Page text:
DESCRIPTION (provided by applicant): Despite substantial lifestyle changes such as in diet or use of complementary and alternative medicine (CAM) among women with breast cancer, few studies have examined whether such factors improve prognosis. These factors may also influence quality of life, which may in turn influence prognosis. How these factors influence prognosis may depend in part on molecular characteristics such as genetic polymorphisms that influence oxidative damage or DNA repair, or aberrant DNA methylation which influences gene expression. These markers may themselves influence prognosis or interact with conventional therapies. We propose to address these gaps in knowledge by establishing the largest prospective cohort study of women with breast cancer to date. We will enroll at least 5,021 women with breast cancer from Kaiser Permanente of Northern California (KPNC). With extremely rapid case ascertainment through computerized pathology reports, we can identify cases of breast cancer as they are confirmed histologically, minimizing survival bias. We will interview and send questionnaires to participants, and extract data from medical charts and KPNC databases. Blood samples will be collected prior to treatment to characterize genetic polymorphisms, and tumor specimens will be obtained to examine aberrant DNA methylation. Blood samples and breast tumor DNAs will also be banked for future use. This resource will enable study of the effects on recurrence and survival of: 1) lifestyle factors, including diet, physical activity, use of CAM, and quality of life; and, 2) host and tumor molecular characteristics, including genetic polymorphisms (e.g., those involved in: cyclophosphamide (CYP3A4, GSTP1, GSTA1) or tamoxifen metabolism (SULTIA1); protection against oxidative damage (MnSOD, CAT, GPX1, GSTM1, GSTT1); and DNA repair (XRCC1, LIG4, XRCC3, XPD, ERCC1, APE1)), and aberrant DNA methylation of genes in breast tumors (BRCA1, P161NK4a, E-Cadherin, glypican3, DUTT1, HIC1, TSLC1, DAP-kinase, GSTP1). Using proportional hazards regression, we will examine associations of lifestyle factors and molecular markers on risk of recurrence and mortality; we estimate at least 599 recurrences and 331 deaths during the 5-year funding period. For survival, we will have power to detect a relative hazard of 1.64 comparing upper to lower quartiles of continuous exposures such as nutrient intake, and a relative hazard of 159 for an exposure with prevalence of 0.10. This study will provide some of the first information on these risk factors and breast cancer prognosis.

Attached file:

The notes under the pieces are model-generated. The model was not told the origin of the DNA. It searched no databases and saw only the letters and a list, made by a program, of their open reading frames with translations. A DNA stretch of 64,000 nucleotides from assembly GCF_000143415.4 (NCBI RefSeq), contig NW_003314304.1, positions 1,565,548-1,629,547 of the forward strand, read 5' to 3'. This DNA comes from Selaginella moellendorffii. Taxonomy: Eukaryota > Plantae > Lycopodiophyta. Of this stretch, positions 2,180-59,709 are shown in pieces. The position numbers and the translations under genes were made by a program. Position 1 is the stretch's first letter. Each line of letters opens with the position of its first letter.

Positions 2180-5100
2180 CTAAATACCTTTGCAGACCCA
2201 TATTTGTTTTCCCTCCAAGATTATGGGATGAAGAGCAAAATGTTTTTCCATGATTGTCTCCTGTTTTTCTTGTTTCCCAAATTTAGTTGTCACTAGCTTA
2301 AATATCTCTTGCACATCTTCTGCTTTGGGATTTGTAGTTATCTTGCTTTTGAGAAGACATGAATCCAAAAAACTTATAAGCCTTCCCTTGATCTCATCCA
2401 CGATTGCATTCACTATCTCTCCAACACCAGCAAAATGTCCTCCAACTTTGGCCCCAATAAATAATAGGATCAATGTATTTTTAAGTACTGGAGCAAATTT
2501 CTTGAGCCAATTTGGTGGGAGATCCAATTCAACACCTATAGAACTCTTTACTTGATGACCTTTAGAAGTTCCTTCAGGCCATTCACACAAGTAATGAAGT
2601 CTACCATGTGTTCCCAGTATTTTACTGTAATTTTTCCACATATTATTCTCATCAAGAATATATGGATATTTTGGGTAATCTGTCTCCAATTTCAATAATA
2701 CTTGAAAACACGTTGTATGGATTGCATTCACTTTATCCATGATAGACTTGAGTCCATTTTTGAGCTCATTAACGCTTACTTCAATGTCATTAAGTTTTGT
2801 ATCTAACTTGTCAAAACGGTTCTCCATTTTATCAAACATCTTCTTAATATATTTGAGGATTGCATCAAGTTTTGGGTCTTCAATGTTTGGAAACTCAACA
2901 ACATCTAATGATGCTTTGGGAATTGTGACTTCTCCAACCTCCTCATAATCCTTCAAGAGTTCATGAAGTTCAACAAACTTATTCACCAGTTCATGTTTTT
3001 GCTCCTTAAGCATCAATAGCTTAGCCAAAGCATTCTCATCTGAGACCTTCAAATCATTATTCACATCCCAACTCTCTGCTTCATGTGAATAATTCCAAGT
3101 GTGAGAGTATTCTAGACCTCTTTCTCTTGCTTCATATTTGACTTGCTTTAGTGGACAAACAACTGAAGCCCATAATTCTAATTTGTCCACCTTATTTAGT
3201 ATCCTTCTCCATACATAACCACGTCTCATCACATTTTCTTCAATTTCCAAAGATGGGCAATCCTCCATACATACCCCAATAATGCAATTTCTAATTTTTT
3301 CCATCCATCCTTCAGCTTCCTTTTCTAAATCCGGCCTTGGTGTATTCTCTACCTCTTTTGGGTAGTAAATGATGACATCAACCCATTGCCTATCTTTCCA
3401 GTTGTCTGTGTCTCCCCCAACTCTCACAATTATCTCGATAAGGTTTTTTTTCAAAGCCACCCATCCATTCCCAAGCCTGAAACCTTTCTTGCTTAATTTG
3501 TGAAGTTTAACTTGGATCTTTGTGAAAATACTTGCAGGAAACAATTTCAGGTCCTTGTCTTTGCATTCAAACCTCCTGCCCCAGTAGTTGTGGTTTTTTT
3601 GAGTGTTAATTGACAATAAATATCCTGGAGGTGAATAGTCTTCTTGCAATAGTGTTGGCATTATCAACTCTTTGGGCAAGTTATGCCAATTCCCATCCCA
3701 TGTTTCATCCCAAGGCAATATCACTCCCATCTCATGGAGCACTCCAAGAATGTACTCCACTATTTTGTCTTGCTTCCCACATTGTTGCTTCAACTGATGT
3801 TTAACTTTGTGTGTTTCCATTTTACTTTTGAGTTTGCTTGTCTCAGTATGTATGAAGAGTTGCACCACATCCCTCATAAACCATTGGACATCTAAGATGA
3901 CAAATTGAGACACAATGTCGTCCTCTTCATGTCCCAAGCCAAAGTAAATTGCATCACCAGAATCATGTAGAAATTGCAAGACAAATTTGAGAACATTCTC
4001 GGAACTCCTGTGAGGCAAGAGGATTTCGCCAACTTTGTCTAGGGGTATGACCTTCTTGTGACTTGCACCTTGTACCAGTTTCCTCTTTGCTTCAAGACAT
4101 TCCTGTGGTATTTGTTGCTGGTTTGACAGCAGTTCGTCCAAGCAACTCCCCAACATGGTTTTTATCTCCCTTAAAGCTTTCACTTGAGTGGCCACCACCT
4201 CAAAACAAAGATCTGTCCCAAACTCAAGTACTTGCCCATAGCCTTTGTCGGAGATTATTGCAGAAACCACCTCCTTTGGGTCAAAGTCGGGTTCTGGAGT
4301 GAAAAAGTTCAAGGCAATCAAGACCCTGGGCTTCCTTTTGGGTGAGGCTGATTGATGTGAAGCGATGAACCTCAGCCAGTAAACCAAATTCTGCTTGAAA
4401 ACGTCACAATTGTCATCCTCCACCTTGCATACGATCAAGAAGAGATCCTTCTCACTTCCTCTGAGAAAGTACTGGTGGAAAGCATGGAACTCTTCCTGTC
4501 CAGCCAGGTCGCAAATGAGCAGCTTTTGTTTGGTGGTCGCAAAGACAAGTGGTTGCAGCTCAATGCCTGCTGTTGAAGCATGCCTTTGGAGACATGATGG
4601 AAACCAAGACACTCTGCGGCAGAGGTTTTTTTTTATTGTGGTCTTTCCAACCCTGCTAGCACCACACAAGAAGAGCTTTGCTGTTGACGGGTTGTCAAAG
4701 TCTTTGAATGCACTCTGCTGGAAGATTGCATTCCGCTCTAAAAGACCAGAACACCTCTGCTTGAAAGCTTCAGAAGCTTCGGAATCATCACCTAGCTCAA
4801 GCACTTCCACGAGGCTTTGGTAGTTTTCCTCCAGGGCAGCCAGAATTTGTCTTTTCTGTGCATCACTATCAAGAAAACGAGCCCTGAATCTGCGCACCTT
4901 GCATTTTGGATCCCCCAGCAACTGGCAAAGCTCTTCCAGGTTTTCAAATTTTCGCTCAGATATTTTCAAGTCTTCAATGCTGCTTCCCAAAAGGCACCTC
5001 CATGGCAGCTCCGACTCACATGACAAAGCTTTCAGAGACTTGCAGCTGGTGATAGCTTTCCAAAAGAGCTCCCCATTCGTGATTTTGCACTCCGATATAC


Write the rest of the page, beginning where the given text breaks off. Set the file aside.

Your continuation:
|Effective start/end date||1/1/04 → 6/30/16|
- National Institutes of Health: $1,100,575.00
- National Institutes of Health: $2,012,771.00
- National Institutes of Health: $1,648,979.00
- National Institutes of Health: $1,136,210.00
- National Institutes of Health: $1,880,992.00
- National Institutes of Health: $1,700,560.00
- National Institutes of Health: $2,086,761.00
- National Institutes of Health: $1,996,930.00
- National Institutes of Health: $945,372.00
- National Institutes of Health: $1,933,131.00
- National Institutes of Health: $1,487,114.00
- National Institutes of Health: $2,003,551.00
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